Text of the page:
Pictogram Requirements

Posted by Dave on April 04, 2013
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The Hazard Communication Standard will require pictograms be included on labels for hazardous chemicals begining June 1st, 2015.The pictogram required on a label is determined by the chemical hazard classification.

HCS Pictogram and Hazards:

 Health HazardHealth Hazard

  • Carcinogen
  • Mutagenicity
  • Reproductive Toxicity
  • Respiratory Sensitizer
  • Target Organ Toxicity
  • Aspiration Toxicity

 

hcicon2Flame

  • Flammables
  • Pyrophorics
  • Self-Heating
  • Emits Flammable Gas
  • Self-Reactives
  • Organic Peroxides

 

hcicon3Exclamation Mark

  • Irritant (skin and eye)
  • Skin Sensitizer
  • Acute Toxicity
  • Narcotic Effects
  • Respiratory Tract Irritant
  • Hazardous to Ozone Layer (Non-Mandatory)

 

hcicon4Gas Cylinder

  • Gases Under Pressure

 

hcicon5Corrosion

  • Skin Corrosion/Burns
  • Eye Damage
  • Corrosive to Metals

 

hcicon6Exploding Bomb

  • Explosives
  • Self-Reactives
  • Organic Peroxides

 

hcicon7Flame Over Circle

  • Oxidizers

 

hcicon8Environment

  • Non-manditory
  • Aquatic Toxicity

 

hcicon9Skull and Crossbones

  • Acute Toxicity (fatal or toxic)

For more information refer to the OSHA Quick Card on Hazard Communication Standard Pictogram.

HCS to GHS, What’s next?

Posted by Dave on March 29, 2013
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Q: What is the next step in the transition from the old Hazard Communication Standard (HCS) to the revised Hazard Communication Standard brought in alignment with the Globally Harmonized System of Classifications and Labeling of Chemicals (GHS)?

A:Training. By December 1st, 2013 all employers must have trained their workers on the new label elements and the SDS format.

Q: What’s involved in the training?

A: Training on label elements must include information on:

  1. Type of information an employee would expect to see on the new labels, including the Product identifier, Signal word, Pictogram, Hazard statement or statements, Precautionary statement or statements, as well as the Name, address and phone number of the chemical manufacturer, distributor, or importer.
  2. How an employee would use the labels in the workplace.
  3. How the elements work together on a label.

 

Training on the format of the SDS (formerly MSDS) must include information on:

  1. The standardized 16-section format and the type of information found in the 16 sections.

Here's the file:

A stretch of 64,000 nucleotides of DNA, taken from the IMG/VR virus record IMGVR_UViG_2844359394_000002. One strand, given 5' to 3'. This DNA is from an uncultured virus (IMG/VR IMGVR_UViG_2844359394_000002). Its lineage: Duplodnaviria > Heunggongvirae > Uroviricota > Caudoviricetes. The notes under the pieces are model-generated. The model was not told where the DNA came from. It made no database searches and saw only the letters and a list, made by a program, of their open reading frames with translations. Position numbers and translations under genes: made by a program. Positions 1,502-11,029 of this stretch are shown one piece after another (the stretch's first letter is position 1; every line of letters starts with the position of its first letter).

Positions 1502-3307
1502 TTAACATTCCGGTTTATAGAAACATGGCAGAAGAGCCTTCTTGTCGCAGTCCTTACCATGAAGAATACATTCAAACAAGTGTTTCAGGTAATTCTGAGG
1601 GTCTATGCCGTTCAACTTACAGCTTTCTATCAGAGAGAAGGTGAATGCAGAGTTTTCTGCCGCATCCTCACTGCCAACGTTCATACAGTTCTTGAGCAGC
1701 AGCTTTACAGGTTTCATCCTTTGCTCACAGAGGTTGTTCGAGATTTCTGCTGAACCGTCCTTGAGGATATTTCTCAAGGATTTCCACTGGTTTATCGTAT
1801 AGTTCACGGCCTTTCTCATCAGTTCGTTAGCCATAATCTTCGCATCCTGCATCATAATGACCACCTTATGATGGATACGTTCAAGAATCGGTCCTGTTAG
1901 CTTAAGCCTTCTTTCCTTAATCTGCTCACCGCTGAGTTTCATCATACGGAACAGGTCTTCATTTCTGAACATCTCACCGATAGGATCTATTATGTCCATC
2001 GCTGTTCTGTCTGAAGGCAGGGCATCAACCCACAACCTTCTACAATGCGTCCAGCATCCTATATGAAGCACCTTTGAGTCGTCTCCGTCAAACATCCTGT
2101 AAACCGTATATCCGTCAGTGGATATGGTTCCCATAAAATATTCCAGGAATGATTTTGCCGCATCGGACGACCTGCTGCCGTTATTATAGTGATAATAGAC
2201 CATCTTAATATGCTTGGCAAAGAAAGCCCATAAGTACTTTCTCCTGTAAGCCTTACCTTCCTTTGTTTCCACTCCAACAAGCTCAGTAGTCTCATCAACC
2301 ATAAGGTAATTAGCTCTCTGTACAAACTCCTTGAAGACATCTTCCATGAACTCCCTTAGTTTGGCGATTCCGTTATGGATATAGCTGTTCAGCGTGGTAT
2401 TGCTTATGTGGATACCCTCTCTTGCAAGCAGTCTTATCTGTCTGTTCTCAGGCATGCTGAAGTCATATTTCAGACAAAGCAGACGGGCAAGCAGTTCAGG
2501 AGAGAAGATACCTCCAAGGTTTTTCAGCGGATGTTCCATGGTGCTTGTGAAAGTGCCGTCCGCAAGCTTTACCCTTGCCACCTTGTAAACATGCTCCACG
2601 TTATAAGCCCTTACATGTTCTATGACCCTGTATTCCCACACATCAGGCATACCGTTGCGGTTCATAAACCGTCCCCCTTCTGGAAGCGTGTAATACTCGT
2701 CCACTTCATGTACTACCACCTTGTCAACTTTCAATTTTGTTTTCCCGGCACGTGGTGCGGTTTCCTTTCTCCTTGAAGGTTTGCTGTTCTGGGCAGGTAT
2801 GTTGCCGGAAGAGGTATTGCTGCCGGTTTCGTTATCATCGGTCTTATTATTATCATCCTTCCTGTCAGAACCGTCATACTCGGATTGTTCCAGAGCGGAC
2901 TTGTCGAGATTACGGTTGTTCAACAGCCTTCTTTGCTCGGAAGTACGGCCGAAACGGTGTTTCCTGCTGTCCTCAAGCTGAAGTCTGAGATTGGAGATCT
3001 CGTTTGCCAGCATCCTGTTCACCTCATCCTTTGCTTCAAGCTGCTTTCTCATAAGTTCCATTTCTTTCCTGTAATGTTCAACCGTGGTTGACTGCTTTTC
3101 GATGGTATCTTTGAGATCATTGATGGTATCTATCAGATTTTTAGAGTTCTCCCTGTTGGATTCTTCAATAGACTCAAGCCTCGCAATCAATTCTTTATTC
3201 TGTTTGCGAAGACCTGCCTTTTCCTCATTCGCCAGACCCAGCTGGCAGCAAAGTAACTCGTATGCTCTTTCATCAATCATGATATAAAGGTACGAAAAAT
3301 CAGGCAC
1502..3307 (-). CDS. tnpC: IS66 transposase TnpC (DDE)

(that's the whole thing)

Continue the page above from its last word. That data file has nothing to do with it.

2. How the information on the label is related to the SDS.

This information as well as tools to help employers with the training can be found  on this OSHA Fact Sheet. http://www.osha.gov/Publications/OSHA3642.pdf

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konnun, LLC – MSDS Compliance

Posted by Dave on March 17, 2013
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Konnun.com, ads appearing to the right of most pages, offers a simple managed solution to MSDS Compliance for most small to medium sized businesses.

The solution consists of an eBinder that gives 24/7 access to the MSDS for any chemical on site at your business. After you conducting a simple site survey your MSDS Administrator, provided as part of the service, locates the current MSDS for all chemicals on site, uploads them to your eBinder, then keeps them up to date for you. You also have the opportunity to purchase hard copies of your binder at any time to provide access for employees that don’t have internet access while on the job.

Your MSDS Administrator is also available by email or phone to work with you to make sure you understand your responsibilities under the Hazard Communication Standard and have everything you need to comply.

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MSDS Search

Posted by Dave on March 17, 2013
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workersrighttoknow.com has over 200,000 MSDSs in their index. The search engine returns links to MSDSs all over the internet that have all been verified by real live human beings as actual MSDSs.

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UN Globally Harmonized System of Classification and Labeling of Chemicals (GHS)

Posted by Dave on May 25, 2012
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The Hazard Communication Standard text, 1910.1200, has been updated to align with the UN Globally Harmonized System of Classification and Labeling of Chemicals (GHS), Revision 3, issued in the Federal Register, March 26, 2012.